Non-Functional Requirements

There are typically non-functional requirements in every software development project as well. These aren’t captured in the software we are developing, but inform our choices of platform, language, and approach.

Non-functional requirements commonly include:


The hardware that will be available for the software to run on. This might be determined by what the customer already has, or they may be intending to purchase new hardware - in which case the software developers may be able to make recommendations.


Other software this software could work with or integrate into. This may include the software already used by the customer (i.e. in our example, the customer’s accounting software might be able to accept sales data directly, instead of requiring accountants to manually transfer it)


The necessary performance of the software, i.e. how quickly the software will need to process data or how many users it will have. A good example of a performance requirement comes from the launch - the developers expected 50,000 to 60,000 thousand simultaneous users, but at launch over 250,000 attempted to sign up - nearly five times the anticipated load.


Usability - making sure the software is usable by a diverse audience - is unfortunately often an overlooked aspect of software development. Consider the common use of red and green to indicate good and bad status. About 8.5% of all people are red-green colorblind, and cannot distinguish between these two colors! Using secondary indicators (i.e. icons with colored messages) and using different hues of red and green (so there is a perceived shade difference) are simple steps that can be taken to make sure the software communicates effectively to this audience.

Cultural Sensitivity

Cultural sensitivity requirements can take many forms in software development. For example, the user interfaces we design may rely on metaphors that only hold for our culture and appear idiosyncratic for other cultures. The terminology we use in software can also carry cultural implications - the common terms “whitelisting” and “blacklisting” carry undertones of systemic racism, for example, as do “master” and “slave”.

Bias can also creep in other ways as well. For example, most facial recognition software works best for white male faces, and returns more false positives and negatives for people of color. Considering the current makeup of the software development industry, currently 66% White (non-Hispanic) and 20% Asian (Non-Hispanic), leaving only 14% of programmers from other racial and ethnic groups. 1 So when programmers working on facial recognition software needed quick test subjects, who did they use? Themselves of course, and in doing so, implicitly focused their algorithms on recognizing people who looked like them.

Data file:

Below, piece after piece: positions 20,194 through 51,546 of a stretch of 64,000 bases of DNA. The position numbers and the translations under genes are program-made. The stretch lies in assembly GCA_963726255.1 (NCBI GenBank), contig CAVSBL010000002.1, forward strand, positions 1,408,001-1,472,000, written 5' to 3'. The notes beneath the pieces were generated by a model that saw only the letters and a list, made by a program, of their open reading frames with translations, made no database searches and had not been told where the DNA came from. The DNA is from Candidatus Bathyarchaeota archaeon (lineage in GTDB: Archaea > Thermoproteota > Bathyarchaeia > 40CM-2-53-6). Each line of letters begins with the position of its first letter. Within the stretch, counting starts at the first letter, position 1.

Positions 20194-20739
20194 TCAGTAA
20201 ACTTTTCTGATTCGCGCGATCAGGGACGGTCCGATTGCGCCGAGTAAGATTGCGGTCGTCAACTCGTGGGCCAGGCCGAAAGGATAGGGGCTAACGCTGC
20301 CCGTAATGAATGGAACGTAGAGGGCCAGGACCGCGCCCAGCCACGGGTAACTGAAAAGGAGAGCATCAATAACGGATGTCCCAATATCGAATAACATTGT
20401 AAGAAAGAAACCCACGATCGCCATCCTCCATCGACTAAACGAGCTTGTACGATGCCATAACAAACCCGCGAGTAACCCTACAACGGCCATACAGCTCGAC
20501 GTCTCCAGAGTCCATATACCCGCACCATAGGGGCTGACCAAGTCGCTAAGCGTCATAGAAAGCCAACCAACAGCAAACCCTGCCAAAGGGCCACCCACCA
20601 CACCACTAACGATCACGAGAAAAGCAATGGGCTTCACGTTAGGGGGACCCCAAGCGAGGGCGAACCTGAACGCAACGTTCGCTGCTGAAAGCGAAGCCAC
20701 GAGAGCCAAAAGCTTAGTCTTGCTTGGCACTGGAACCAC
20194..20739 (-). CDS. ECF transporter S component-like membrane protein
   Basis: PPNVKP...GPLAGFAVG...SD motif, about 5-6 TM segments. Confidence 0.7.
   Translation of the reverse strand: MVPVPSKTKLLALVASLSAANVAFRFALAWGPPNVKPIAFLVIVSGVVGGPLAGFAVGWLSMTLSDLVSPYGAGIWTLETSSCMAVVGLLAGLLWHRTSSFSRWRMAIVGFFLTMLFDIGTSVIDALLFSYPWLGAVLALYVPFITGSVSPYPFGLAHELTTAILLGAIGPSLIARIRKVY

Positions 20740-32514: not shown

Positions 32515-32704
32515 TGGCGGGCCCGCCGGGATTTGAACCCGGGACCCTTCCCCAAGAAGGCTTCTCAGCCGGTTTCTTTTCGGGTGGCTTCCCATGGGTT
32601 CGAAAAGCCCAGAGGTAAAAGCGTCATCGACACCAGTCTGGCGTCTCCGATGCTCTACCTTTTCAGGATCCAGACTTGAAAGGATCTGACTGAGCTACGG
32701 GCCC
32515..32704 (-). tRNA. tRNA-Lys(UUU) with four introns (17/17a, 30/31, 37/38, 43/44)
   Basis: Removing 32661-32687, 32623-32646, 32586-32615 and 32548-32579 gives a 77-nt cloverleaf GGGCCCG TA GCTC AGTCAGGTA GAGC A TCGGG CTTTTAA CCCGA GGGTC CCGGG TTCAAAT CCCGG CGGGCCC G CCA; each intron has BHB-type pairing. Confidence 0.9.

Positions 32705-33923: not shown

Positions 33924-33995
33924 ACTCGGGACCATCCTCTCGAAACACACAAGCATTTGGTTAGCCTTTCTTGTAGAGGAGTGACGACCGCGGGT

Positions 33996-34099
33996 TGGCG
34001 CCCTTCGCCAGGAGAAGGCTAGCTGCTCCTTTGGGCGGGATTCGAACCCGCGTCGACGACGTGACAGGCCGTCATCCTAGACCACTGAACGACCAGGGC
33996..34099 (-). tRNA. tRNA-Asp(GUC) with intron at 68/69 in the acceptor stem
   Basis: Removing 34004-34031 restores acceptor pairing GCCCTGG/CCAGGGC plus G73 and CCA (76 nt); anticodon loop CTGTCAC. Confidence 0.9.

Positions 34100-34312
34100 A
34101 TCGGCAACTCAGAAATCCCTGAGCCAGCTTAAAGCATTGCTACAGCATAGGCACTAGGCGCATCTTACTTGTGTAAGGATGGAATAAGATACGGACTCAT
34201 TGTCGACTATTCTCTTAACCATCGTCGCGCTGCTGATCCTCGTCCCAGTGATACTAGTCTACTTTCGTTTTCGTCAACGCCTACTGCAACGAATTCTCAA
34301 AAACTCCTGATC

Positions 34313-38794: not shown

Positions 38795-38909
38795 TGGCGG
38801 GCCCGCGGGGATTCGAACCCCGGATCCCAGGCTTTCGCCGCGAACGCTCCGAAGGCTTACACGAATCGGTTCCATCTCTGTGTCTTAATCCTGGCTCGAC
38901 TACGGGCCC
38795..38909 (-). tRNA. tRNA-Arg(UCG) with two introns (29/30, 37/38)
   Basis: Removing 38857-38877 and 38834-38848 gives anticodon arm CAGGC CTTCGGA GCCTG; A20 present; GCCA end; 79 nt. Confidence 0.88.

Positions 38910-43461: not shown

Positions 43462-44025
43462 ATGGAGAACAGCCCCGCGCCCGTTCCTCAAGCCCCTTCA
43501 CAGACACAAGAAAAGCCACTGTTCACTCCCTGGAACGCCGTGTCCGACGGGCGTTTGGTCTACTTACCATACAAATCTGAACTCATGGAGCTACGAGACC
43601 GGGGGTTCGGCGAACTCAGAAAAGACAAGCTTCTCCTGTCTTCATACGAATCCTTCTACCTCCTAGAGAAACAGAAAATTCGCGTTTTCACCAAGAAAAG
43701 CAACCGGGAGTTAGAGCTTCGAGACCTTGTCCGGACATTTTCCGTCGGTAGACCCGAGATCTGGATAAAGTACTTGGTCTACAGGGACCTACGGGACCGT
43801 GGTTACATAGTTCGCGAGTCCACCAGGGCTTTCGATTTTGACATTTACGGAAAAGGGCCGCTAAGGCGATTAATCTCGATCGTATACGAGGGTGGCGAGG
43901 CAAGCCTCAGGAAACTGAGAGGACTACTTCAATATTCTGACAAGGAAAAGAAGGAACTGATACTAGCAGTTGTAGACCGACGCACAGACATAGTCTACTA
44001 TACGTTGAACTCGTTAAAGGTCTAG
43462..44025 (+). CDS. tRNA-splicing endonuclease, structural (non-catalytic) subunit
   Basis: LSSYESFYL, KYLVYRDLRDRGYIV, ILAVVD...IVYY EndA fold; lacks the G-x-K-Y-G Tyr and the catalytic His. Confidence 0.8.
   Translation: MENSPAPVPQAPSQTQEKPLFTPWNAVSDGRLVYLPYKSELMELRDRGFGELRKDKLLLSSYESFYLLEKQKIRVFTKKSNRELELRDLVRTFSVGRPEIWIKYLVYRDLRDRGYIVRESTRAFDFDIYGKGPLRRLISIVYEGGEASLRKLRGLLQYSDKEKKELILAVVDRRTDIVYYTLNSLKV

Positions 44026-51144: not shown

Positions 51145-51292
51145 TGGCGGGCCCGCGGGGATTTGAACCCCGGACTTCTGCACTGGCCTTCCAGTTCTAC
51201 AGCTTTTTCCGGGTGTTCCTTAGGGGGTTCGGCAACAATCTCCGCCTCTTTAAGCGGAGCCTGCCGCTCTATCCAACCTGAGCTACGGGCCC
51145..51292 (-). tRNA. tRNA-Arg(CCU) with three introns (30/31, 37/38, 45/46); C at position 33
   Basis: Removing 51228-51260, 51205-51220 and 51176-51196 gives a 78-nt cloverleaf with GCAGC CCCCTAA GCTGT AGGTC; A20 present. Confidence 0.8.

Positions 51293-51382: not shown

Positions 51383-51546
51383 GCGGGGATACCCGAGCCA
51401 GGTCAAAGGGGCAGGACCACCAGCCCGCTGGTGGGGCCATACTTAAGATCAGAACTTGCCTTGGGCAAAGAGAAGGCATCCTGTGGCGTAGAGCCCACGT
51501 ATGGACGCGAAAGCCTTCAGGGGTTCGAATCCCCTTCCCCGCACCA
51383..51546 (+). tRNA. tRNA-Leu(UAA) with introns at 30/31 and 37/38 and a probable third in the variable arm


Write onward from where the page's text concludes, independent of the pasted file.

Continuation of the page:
Availibilty refers to internet hosted/supported applications, and how often they are allowed to be ‘down’. Consider, which durning the 2020 lockdown was making $10,000 in sales every second while facing its highest loads ever. 2 One hour of downtime would cost the retailer 36 million dollars!. On the other hand, designing for limited downtime brings additional technical challenges, like supporting hot swapping in both the infrastructure hardware and the software.


Reliability refers to the frequency of error conditions. It may not be a big deal for your text editor to occasionally crash. But for the control code in a pacemaker or the autopilot in a commercial jetliner, error conditions can be life-threatening.


Maintainability refers to the ease with which bugs are fixed and new features are added to a program. There is little software developed today that will not see new releases for the purpose of minor updates and bug fixes, let alone new major versions.


Extensibility also refers to the ease with which new features are added to a program, but the mechanisms by which this is done are different. With maintainability the features are added as part of the core software. With extensibility, these are typically done externally to the core code, through plugins or by accessing an API (application programming interface). This allows the system to be expanded, sometimes by third parties, without needing to replace the existing software installation.


Security refers to how well-protected the program’s function and data are from malicious agents (both human and software-based). Programs that handle sensitive information typically need higher levels of security. The prevalence of Internet connectivity in modern life means that programs are no longer running in an isolated environment - even simple desktop applications need to pay attention to security risks!